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Are you a new recruit to the #pulprevolution? A users manual:

We're here to push the pulp aesthetic in new directions and cultivate new stories that reflect the aesthetic that made the best writers of the pulp era great.

Conversations can get heavy when we wander into the weeds of lit crit and philosophy. Come prepared to be challenged by those who disagree. This is technically a moderated group, but I will only censor spam and actual abuse. I may ask the parties to retire from the field with honor if there's an obvious personality clash that is disrupting the group, but that's as far as I'll go: I'm not your mother.

For readers
Come here to share and discuss stories new and old, films and TV, old time radio, fan history, the lot. If you post artwork, please provide some information on where it's from, who the artist is, when it was done, etc. This is especially useful for illustrations liberated from actual magazines, so we can cross-reference to the stories.

Short reviews - especially of new work - are definitely welcome, as are links to your blog for longer reviews. I don't think character assassination of authors, no matter what their stripes, will find a welcoming audience. We judge work on its merits.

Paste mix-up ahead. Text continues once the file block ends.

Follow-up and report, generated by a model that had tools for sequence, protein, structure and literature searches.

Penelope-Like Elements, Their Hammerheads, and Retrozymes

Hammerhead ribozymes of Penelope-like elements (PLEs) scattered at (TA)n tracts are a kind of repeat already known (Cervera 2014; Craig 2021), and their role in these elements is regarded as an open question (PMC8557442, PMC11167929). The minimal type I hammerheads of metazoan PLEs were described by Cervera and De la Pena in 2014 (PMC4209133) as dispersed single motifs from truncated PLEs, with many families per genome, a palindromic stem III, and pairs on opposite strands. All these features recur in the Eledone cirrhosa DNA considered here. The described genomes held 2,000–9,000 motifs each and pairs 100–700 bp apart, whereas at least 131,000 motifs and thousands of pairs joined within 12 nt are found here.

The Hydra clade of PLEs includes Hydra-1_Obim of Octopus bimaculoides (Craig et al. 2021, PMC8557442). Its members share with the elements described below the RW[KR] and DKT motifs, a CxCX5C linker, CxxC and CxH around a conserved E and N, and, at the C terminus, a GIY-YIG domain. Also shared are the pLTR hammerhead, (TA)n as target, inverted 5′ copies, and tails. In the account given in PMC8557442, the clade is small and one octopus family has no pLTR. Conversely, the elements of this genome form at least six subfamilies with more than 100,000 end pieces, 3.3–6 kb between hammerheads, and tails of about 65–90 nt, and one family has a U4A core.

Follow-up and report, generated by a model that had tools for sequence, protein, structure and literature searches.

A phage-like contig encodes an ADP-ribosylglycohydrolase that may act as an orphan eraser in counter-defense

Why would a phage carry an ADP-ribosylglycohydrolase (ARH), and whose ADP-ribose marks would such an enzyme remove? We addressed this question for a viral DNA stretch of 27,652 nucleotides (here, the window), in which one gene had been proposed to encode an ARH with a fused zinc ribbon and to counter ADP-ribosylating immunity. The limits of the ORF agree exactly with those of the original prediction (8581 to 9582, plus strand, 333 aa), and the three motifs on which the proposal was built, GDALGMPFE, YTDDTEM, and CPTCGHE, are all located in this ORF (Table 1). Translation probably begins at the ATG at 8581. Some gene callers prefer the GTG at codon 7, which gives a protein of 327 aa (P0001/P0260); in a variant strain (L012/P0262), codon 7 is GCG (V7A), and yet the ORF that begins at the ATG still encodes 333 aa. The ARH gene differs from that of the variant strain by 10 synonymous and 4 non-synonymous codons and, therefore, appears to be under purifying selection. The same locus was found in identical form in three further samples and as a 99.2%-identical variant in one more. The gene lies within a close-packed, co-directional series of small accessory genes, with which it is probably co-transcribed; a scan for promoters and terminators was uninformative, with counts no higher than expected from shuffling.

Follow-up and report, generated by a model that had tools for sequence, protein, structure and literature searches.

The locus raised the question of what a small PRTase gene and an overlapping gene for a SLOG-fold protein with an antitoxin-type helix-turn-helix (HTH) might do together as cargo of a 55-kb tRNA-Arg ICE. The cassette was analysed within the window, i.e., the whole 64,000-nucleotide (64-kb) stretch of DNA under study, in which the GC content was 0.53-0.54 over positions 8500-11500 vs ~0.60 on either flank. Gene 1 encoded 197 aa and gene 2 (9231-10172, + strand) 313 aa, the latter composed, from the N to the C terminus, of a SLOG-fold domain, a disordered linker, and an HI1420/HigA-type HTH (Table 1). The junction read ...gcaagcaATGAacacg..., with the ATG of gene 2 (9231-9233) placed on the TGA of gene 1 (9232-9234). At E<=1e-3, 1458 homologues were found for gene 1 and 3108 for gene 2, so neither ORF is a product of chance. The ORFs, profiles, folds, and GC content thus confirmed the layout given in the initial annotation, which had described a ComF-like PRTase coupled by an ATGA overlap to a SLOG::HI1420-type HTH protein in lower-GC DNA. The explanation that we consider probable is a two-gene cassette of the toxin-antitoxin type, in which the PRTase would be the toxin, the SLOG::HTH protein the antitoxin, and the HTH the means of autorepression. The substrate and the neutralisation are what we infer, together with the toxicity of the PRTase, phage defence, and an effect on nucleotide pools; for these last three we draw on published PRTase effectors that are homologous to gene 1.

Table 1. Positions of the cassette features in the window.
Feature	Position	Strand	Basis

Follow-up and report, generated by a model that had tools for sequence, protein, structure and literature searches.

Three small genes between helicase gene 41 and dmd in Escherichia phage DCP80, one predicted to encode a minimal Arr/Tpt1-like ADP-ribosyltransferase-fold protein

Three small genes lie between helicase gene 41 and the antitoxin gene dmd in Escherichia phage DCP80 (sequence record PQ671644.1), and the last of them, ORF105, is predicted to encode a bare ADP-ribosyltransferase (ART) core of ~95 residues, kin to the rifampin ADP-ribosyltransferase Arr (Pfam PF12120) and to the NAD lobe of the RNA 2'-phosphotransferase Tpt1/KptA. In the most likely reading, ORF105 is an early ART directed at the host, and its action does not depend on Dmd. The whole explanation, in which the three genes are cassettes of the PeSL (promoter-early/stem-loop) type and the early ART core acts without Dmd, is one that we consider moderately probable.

For writers pro or non
As above, but also to talk about the process and matters regarding publication.

And YES you may promote your books/stories if you like (use "Hot off the press"), and if they are pulp aesthetic work (ie relevant). We may have harsh words for you if you abuse this, and if self-promotion is all you do you may find yourself joining the other spammers. I WILL delete multiple postings of the same item. You have been warned. You can also expect that the community will tell you what they think.

If you're seeking feedback, please use the "snippets and seeking beta-readers" category to solicit comment or advice. Note:

- you can post whole snippets of your work for comment. Please try to focus on a particular passage you want feedback on. Be prepared for blunt, honest responses varying from "I liked/hated it" to a detailed analysis of what you did wrong (mostly the former) and probably also suggestions of how to improve it. You may also get crickets. You'll need a thick skin, but we do want to help you, I promise.

- to protect you in case you're intending submission, if you want feedback on a full manuscript, it's best to post a call for beta-readers with a brief description of the work and an explanation of what you expect, then contact volunteers directly for private discussion. Be clear whether you're looking for free line editing, or just commentary on what works and what doesn't. If you're willing to pay for services, by all means ask. Probably someone can point you in the right direction.

Popped a few stories from 1940s Planet Stories into the style analyzer

as a point of comparison:

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Seeking contributors to
it is literally nothing right now but Jheric and I reserved the domain last week, we hope to have a flood of articles and fiction there soon. Anyone who shoots me an email - do you have DMs in G+? - will receive an author invite to the Blogspot blog that now occupies that domain.